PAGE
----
In 1942 the Brewster Car and Aircraft Company of Long Island City, New York, was in serious financial trouble and was seized by the U.S. Navy on April 18 that year. Shortly thereafter the Navy assigned Corsair production to Brewster, which began completing F3A-1 Corsairs.
Production difficulties and several crashes contributed to the U.S. Navy refusing to send Brewster-built Corsairs to combat, and production was canceled on July 1, 1944. The company was shut down shortly after.
Restoration and Projects
Today there are approximately 45 Dash One survivors as there are a couple of “in the dark” projects that are similarly extant. Of the 45, at least 20 are known projects, and a Corsair is nothing close to a P-51 in terms of restoration complexity and difficulty. The spar and structure of the Corsair is super robust, and to this day it can only be duplicated with new material at an incredible cost, although some effort has been made to re-spar and rebuild Corsair airframes. It’s very expensive, and the rumor is a Corsair in parts may take a good shop between 20,000 and 40,000 hours to complete a project that has issues.
Seven of the 45 are government owned, so that leaves perhaps 17 marketable civilian Dash Ones. Most survivors are late-build Goodyear FG-1D Corsairs, nine of the 45 are Vought built, and one project is a Brewster F3A-1.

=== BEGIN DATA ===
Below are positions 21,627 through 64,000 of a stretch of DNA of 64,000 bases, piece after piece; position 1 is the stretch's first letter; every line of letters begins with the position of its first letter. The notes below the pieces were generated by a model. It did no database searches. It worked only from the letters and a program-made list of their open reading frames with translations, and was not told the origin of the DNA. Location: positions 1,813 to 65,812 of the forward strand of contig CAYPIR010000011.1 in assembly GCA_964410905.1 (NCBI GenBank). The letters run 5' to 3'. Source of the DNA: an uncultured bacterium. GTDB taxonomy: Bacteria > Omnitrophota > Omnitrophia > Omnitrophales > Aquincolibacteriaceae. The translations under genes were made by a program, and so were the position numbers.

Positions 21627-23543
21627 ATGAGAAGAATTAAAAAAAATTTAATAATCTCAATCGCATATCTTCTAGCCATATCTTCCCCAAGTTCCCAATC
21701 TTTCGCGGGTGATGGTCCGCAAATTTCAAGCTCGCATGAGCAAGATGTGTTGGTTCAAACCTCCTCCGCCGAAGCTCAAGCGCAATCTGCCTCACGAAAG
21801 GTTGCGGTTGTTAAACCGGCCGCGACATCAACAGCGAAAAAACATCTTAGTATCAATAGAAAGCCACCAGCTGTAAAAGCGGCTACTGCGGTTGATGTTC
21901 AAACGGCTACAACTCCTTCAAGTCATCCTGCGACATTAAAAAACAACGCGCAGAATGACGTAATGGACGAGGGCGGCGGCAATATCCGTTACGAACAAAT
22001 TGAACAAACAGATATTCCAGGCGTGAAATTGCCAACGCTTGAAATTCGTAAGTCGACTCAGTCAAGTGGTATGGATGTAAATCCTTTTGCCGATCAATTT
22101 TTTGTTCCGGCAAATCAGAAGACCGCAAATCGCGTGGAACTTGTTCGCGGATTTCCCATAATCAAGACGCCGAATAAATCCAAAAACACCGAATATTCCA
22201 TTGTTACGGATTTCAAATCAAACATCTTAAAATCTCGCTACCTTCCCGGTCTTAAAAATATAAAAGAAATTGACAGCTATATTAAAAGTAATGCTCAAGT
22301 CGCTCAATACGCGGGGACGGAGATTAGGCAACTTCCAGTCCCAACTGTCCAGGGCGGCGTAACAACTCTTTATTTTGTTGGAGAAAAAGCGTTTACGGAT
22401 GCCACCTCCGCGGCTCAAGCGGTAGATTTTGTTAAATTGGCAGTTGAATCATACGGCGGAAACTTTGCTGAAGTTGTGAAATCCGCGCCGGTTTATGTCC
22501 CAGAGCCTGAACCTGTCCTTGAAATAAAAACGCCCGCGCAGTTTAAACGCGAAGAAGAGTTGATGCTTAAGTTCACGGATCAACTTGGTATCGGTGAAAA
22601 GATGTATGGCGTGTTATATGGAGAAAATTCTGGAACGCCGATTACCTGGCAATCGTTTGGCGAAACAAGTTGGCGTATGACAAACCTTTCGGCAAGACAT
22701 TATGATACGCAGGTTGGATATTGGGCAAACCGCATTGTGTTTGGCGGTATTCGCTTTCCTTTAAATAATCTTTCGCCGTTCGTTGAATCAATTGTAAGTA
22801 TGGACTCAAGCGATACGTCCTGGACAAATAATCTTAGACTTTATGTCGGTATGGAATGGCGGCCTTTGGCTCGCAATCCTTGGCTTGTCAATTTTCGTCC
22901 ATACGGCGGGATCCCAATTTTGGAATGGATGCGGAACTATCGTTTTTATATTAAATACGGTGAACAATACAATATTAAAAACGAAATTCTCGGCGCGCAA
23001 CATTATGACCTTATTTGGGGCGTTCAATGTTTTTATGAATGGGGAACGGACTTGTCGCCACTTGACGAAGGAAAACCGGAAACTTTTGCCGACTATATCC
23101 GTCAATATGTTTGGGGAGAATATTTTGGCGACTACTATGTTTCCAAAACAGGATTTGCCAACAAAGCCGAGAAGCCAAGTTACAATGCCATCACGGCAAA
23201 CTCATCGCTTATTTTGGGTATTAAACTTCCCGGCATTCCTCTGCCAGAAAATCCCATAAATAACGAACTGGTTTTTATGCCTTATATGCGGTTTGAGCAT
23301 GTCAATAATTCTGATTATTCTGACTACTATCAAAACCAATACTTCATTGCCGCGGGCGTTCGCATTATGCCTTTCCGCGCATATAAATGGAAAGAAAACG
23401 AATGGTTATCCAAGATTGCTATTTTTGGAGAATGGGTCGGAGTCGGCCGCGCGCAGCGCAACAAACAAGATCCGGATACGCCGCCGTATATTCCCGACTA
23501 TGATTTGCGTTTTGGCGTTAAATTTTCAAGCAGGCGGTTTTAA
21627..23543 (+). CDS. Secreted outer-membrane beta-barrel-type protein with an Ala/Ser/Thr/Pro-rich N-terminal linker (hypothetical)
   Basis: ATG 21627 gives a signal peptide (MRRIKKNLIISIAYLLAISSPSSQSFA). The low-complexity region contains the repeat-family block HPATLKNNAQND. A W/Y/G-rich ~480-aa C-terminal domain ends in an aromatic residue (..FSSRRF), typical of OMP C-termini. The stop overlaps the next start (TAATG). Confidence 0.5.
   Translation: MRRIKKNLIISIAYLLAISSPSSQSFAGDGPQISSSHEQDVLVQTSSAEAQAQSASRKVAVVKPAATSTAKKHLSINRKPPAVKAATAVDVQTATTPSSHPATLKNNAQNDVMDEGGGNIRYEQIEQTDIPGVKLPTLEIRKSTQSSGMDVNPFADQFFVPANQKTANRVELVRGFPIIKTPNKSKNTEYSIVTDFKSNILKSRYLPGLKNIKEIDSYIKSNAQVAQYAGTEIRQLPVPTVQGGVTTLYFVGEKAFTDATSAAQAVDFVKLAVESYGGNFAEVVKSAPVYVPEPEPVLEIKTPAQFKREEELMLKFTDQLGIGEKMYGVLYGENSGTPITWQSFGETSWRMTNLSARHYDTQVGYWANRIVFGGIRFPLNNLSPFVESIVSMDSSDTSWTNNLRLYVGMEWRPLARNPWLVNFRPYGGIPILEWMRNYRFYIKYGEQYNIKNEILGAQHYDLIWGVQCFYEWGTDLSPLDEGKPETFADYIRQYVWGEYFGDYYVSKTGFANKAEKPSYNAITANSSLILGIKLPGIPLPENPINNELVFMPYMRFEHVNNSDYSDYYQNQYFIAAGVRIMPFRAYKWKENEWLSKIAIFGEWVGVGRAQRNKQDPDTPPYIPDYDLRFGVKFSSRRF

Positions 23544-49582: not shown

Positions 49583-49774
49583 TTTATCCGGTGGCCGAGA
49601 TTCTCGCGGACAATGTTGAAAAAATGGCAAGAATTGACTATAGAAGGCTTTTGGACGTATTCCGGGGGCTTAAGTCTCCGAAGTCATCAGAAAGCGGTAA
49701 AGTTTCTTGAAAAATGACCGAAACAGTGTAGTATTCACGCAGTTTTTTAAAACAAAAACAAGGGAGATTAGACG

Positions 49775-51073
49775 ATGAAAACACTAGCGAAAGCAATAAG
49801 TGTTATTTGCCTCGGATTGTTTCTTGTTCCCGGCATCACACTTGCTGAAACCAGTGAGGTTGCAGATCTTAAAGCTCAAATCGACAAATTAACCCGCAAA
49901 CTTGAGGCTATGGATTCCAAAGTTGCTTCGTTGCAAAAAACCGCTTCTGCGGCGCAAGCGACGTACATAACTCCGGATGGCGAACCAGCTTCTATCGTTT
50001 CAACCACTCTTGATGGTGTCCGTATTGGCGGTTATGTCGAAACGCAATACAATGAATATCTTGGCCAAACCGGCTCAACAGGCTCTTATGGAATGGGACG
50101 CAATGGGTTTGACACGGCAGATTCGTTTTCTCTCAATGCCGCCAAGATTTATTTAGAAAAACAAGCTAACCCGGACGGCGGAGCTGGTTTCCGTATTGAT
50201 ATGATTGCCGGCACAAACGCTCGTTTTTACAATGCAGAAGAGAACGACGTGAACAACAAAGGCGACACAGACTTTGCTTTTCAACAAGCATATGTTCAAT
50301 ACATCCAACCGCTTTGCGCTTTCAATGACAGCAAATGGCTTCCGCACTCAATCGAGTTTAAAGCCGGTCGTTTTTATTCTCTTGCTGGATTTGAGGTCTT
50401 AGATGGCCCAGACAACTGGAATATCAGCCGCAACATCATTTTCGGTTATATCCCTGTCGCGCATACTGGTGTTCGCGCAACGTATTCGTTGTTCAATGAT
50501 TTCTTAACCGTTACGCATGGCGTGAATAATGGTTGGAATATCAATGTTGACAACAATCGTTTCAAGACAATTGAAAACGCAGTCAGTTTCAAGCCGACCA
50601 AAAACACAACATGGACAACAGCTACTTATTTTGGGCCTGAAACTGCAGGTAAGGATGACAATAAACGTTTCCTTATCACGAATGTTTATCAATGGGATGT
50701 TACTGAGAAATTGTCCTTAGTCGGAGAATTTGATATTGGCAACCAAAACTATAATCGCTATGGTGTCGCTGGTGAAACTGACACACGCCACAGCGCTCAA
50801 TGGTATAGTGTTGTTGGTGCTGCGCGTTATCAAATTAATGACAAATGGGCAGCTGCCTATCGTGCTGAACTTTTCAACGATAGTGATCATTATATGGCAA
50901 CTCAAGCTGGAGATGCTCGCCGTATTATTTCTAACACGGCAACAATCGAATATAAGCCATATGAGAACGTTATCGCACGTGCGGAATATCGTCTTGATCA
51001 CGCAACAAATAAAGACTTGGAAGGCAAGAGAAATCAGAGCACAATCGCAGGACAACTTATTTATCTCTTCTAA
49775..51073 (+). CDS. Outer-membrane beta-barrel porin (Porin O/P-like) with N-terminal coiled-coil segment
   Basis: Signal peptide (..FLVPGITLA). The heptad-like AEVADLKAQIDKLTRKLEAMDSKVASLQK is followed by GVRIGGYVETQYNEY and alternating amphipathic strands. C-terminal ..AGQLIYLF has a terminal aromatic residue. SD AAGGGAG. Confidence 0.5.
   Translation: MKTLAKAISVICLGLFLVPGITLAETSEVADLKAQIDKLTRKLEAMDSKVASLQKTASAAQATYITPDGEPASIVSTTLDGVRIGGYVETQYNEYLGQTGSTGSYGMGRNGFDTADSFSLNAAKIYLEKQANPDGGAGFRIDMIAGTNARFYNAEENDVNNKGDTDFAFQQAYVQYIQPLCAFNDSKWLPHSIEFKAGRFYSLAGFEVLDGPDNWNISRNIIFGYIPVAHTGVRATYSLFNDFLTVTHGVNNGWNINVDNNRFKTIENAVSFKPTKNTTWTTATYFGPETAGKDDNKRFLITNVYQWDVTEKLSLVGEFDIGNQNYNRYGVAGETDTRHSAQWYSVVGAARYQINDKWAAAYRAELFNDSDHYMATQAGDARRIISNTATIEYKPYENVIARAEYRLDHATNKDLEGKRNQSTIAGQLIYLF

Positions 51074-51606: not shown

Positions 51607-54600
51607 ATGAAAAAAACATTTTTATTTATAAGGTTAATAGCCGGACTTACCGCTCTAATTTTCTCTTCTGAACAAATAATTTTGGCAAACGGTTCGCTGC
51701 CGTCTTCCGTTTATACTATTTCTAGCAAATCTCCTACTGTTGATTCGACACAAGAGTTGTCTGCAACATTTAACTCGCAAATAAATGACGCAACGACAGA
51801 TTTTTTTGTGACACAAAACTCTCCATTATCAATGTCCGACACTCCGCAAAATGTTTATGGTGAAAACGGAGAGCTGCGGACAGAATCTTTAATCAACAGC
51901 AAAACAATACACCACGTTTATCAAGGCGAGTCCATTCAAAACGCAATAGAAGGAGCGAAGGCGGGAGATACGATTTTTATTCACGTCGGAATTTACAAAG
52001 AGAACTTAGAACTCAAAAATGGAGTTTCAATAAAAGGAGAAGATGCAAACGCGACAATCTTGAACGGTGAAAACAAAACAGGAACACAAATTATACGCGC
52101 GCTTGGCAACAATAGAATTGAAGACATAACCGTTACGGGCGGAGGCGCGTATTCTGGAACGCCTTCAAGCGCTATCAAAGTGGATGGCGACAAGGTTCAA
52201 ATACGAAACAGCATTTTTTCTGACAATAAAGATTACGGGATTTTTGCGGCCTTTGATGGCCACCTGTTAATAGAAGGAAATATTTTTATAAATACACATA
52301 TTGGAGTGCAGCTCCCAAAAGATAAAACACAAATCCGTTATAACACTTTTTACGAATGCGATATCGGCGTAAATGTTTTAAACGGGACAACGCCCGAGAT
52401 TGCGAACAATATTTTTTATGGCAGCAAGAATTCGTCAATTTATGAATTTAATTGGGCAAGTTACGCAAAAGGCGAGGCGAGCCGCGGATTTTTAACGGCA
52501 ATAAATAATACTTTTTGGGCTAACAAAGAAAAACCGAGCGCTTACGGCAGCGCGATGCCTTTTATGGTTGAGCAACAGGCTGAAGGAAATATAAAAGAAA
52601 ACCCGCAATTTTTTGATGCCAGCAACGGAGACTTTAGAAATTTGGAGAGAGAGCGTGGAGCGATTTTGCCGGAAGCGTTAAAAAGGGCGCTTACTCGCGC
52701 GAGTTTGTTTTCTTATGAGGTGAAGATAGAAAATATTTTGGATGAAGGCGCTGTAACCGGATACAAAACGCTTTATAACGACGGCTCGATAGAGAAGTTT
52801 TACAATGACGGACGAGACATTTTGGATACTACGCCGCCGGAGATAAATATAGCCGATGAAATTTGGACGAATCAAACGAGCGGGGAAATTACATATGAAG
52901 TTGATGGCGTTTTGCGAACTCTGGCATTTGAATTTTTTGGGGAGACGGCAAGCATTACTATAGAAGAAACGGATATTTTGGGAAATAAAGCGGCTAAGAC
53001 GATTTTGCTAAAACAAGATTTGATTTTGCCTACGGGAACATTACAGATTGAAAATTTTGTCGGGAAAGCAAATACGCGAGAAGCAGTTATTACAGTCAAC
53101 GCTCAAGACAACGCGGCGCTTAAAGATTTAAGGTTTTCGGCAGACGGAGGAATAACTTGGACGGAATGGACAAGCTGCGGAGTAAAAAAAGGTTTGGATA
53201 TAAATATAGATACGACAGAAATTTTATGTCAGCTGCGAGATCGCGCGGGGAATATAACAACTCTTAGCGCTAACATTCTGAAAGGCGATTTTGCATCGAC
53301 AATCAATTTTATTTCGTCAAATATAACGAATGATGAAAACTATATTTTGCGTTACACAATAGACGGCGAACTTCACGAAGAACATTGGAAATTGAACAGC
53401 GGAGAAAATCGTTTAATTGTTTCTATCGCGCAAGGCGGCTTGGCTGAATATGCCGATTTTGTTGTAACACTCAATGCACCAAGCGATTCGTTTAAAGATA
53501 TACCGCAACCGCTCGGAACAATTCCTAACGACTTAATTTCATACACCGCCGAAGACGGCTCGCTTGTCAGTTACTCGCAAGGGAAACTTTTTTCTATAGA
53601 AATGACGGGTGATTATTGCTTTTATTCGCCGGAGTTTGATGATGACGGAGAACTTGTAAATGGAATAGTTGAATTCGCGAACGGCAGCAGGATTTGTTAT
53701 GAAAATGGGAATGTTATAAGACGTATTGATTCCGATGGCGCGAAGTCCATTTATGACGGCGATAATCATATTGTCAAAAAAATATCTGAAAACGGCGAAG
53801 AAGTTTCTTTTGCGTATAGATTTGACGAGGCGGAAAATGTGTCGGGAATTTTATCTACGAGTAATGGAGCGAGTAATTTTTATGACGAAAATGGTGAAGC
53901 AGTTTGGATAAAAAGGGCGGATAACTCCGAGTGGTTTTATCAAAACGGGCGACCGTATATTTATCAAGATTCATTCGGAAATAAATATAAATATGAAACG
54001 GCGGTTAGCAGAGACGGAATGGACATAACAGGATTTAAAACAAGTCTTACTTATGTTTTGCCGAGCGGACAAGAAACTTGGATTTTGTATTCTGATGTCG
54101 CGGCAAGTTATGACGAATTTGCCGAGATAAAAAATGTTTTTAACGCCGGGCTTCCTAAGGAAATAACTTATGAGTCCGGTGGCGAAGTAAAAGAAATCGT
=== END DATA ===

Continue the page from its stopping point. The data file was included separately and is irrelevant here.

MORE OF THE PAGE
The Navy claims title to any wrecked or “lost” Corsair, so the chances of recovery and restoration of any extant Corsair wreck is remote. Notably there are two Corsair I (Vought-built Corsair for the Royal Navy) wrecks in amazing condition at the bottom of Sebago Lake, Maine – classified as war graves from which there would be excellent candidates for restoration.
The one that was in Lake Michigan has been recovered, and restoration (for display) continues at Naval Air Station Pensacola. But it’s owned by the Navy. The few fragmentary South Pacific wrecks that have been recovered are “survivors” but will not return to the air anytime soon, if ever. That makes a Dash One about 10 times more rare as a Mustang.
Corsair projects occasionally are available, like the one just listed and sold by Courtesy Aircraft, and while the initial buy may have looked achievable, restoration cost is estimated to be close to $5 million.